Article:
"I want our younger generations to understand that art is more than making pictures," he says. "Questions should come to kids when they look at art. Art is so incredibly important."
Joiner's own art matches up well with his definition. He's currently working on two series that encompass all he believes art should be.
His Dracula Series will be decidedly political: "I'm taking the historical Dracula to represent the working class. I'm going to use that image as a means of interpreting all the types of things that go on in our society."
The other series that Joiner is working on concurrently is his Souls Project. The idea behind it is to depict the African-American experience, with themes from The Wizard of Oz. "We can't click our heels together three times and go home. We have to make home where our heart is. Believe in yourself, and you'll become who you want to be," he explains. "I want to look at us as heroes and survivors who are carrying on this seed of progress. No matter what's done to us, we won't go away.
For Joiner, home is Cincinnati. He likes the accessibility of the city, but he's well aware how divided Cincinnati is racially. Still, he believes the city is quite livable. It's been his home most of his life. His family lives here too, although he lives alone. He admits being too married to his artwork to successfully carry on a relationship.
His dedication to art prompted him to quit the business world in 1997 and commit himself fully to what he believes in. Save for the occasional sleepless night, he hasn't looked back. "I didn't want to wait until I retired to do my art," he says.
He had waited long enough to create. "I was told by my parents that I could draw before I could walk. I drew all my life. That fascination of imitating what I saw. If I drew in public it would draw a big crowd. That gave me a hint that I was a little bit different. I didn't get serious about my art until I was a senior at Wyoming High School," Joiner explains.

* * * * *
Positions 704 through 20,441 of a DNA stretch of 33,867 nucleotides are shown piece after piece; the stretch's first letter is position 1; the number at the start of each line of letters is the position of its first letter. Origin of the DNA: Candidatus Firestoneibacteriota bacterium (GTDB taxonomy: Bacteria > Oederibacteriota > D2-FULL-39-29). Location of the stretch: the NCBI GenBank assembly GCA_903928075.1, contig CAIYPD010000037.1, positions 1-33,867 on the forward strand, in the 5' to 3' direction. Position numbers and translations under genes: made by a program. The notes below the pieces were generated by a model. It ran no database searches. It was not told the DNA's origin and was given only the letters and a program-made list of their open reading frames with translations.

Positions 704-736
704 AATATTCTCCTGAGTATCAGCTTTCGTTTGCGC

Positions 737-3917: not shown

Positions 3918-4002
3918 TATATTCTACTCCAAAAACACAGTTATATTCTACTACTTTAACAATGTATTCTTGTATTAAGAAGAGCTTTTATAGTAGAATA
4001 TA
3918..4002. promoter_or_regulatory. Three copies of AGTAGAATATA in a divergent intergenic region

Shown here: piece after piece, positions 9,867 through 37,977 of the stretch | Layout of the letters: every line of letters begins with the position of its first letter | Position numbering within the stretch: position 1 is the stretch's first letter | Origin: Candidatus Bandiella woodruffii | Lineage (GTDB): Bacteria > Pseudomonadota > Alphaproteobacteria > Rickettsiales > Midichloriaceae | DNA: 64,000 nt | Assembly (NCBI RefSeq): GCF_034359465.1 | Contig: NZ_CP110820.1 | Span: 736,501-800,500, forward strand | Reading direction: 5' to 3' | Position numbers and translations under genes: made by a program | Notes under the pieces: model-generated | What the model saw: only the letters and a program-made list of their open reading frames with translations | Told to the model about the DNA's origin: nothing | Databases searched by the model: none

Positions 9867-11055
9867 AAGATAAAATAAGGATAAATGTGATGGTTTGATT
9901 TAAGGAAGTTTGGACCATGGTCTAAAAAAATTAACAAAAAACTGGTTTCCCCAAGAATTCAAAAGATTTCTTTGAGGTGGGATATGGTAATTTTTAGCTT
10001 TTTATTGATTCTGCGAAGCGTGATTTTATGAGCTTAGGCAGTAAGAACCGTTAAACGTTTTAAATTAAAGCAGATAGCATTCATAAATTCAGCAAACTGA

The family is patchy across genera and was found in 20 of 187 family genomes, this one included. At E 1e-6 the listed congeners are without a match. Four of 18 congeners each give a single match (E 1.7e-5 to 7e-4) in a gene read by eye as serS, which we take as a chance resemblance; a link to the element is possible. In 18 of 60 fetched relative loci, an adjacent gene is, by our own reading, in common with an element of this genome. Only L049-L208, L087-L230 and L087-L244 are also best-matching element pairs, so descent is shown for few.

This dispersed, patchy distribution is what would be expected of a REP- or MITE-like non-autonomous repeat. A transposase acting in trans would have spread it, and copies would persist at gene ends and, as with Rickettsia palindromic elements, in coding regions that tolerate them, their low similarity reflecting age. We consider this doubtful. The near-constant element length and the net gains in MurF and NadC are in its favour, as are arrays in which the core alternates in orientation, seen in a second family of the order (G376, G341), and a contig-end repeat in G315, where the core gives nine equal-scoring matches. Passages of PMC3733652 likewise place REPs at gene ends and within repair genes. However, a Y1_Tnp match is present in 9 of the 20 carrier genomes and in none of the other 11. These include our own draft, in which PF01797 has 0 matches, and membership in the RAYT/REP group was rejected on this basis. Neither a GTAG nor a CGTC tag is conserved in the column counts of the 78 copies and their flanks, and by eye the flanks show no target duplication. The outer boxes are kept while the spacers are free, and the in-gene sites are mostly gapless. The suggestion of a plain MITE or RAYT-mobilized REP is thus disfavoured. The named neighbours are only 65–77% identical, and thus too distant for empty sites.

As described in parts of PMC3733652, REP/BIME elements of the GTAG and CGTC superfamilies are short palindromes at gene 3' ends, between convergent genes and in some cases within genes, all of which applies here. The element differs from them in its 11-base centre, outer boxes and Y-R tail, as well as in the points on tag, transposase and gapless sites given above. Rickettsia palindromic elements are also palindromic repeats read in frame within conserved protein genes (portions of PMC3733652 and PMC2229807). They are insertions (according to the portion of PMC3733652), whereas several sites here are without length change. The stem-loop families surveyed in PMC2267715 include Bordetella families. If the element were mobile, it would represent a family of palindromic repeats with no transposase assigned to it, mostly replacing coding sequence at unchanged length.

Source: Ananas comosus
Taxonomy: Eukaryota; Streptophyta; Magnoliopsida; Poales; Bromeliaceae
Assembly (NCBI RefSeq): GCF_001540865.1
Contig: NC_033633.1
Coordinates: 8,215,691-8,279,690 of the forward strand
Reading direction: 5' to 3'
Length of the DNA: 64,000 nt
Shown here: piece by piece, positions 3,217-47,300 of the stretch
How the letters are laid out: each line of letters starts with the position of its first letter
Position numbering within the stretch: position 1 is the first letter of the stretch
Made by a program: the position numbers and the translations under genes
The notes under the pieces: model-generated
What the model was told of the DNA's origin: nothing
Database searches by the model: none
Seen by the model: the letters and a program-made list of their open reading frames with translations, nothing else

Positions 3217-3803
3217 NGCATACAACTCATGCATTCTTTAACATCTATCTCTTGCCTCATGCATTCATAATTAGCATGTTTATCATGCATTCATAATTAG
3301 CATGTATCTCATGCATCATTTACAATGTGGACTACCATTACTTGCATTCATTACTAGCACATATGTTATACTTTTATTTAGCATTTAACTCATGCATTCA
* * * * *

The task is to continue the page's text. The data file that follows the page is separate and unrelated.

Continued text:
He went on to the Cleveland Institute of Art, winning top awards along the way. When he graduated in 1985, the job market was not welcoming. His brother urged him to go to the Xavier University job board, which placed him immediately. What began as a temporary position turned into an 11-year career.
Joiner's artwork was virtually non-existent for a 10-year period. "I woke up in 1995 and literally couldn't stop creating. I had nothing to say about life and when that happens I can't create," he says. "I was always concerned with getting good grades and how the teachers liked me and all that crap. Then I started making loads of mistakes. It resulted in me doing scenes of cemeteries when I first came out."
Though his first love is landscape paintings, Joiner is perhaps best known for his Black Women Series. (Selections of Joiner's artwork can be viewed at www.jump.to/artworks.) He interviewed women from all walks of life and took snapshots of them. Then he would go home and paint what he saw. "No one could see their portrait until opening night. It kind of built a collective self-esteem of that demographic. They get so emotional. They're so happy, so curious on how I interpret them. This year forward, I'm going to be more inclusive of the whole world," Joiner says, as he has done with his recent Angel Series which featured black, white, straight, gay, male and female.
"People were so happy," he continues. "They were surprised. I really like to see people enjoy the arts like that. It opens up a path for me to be more open and experimental."
His artwork is connected to his spiritual beliefs. "I wouldn't say I'm a religious person. I do believe in the Creator. I put a big emphasis on prayer. ... I know from my experience, I know what happens when I pray," he comments.
"I woke up one morning and couldn't stop painting. I realized that I had a purpose. I just didn't know what purpose it served," he elaborates. "Now I know. I guess it's advocacy for a higher being. Life isn't getting to the end of it. It's getting to the good and the bad."
And for that, there can never be too much art. ©